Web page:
The 80-year-old bridge — the longest in Prague, by the way — really is in bad shape. If Tram No 1 rolled over the bridge any faster, the span would probably crumble. The bridge is so far gone, in fact, that it will have to be completely reconstructed. How convenient.
Anything short of rebuilding from scratch would be wastefully cheap. If new concrete is going to be put down at all, then it will be necessary to expand the single lanes to double lanes and bite off a chunk of the sidewalk for a bike path. I'm no transport expert, but has anyone ever witnessed a traffic jam on the Libeň bridge? (Maybe during the floods of 2002.) And why exactly was a new highway built from Karlín via Libeň all the way to Florenc?
Maybe someone from the City Council could explain it to me, fill me in on the numbers, calculations and diagrams. As a citizen of Prague, I just don’t buy it. It gets pretty depressing. The city builds a metro station in an empty field, spends tens of millions for the Olympics, billions more for the Opencard …
A few years ago, a leaders of ODS said, „This party will only truly change once it loses the elections in Prague. But that won't happen so easily, and it's not certain that we wouldn't then need to set up a brand new Prague organization.“ Frankly, I don’t care what happens to Prague's ODS and I'm also not convinced that new leaders would change how city hall does business. The ODS hasn't been in power in Brno since 2006, and look at the boondoggle which the Brno train station.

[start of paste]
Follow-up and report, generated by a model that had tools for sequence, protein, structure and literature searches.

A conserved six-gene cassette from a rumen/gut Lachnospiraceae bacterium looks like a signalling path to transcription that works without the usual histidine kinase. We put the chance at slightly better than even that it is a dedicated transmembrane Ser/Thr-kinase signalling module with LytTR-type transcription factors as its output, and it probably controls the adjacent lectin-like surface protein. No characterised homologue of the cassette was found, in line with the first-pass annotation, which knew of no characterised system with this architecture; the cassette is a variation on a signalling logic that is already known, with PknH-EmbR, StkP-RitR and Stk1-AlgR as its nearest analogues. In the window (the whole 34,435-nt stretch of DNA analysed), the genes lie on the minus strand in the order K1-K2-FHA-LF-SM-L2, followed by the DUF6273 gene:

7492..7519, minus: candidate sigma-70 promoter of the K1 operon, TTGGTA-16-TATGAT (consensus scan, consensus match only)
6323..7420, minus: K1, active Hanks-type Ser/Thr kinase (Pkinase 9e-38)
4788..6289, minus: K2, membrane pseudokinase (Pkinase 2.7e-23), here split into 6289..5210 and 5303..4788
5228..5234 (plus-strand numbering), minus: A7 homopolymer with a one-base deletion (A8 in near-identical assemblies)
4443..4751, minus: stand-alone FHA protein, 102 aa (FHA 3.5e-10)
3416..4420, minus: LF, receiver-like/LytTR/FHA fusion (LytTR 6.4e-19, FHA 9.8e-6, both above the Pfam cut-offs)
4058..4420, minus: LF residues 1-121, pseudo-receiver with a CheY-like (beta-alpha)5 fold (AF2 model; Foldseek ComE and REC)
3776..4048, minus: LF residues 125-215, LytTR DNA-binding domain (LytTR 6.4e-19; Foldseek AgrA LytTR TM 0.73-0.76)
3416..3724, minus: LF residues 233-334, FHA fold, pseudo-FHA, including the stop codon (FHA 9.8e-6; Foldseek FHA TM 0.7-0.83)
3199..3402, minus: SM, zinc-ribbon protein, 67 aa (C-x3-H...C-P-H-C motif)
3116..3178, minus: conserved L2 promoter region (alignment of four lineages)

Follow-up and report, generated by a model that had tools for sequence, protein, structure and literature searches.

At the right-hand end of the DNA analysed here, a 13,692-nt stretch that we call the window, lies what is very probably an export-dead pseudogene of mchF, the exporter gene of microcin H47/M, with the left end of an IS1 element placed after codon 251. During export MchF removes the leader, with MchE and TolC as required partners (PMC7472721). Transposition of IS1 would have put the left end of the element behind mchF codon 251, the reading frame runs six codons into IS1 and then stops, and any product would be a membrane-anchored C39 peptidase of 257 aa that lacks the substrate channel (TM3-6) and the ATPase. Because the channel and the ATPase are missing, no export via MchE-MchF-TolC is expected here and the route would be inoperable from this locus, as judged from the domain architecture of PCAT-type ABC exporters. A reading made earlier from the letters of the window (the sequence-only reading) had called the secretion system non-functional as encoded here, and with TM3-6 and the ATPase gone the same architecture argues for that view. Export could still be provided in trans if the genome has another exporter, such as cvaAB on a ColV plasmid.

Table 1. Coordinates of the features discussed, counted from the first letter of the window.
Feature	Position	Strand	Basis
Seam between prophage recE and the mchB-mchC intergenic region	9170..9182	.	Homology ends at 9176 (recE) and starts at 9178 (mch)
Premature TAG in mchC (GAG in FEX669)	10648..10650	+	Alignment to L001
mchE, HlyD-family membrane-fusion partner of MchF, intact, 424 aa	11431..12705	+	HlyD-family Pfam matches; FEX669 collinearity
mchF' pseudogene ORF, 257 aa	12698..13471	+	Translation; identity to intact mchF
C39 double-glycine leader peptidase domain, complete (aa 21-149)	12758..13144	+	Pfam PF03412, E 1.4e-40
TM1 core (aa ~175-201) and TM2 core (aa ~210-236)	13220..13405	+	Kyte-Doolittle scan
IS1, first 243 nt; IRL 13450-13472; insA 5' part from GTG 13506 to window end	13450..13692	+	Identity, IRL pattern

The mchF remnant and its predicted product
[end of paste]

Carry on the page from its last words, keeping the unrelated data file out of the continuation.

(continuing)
I could go along with the illusion that things are changing. It doesn't take much. Which reminds me of something I saw recently as I was returning home late at night. It was raining. A sprinkler vehicle was crossing Letná, spraying the drenched roads. If I'd had two more beers in me, I might have thought that I was imagining it. I would have been happier, at any rate.
Translated with permission by the Prague Daily Monitor.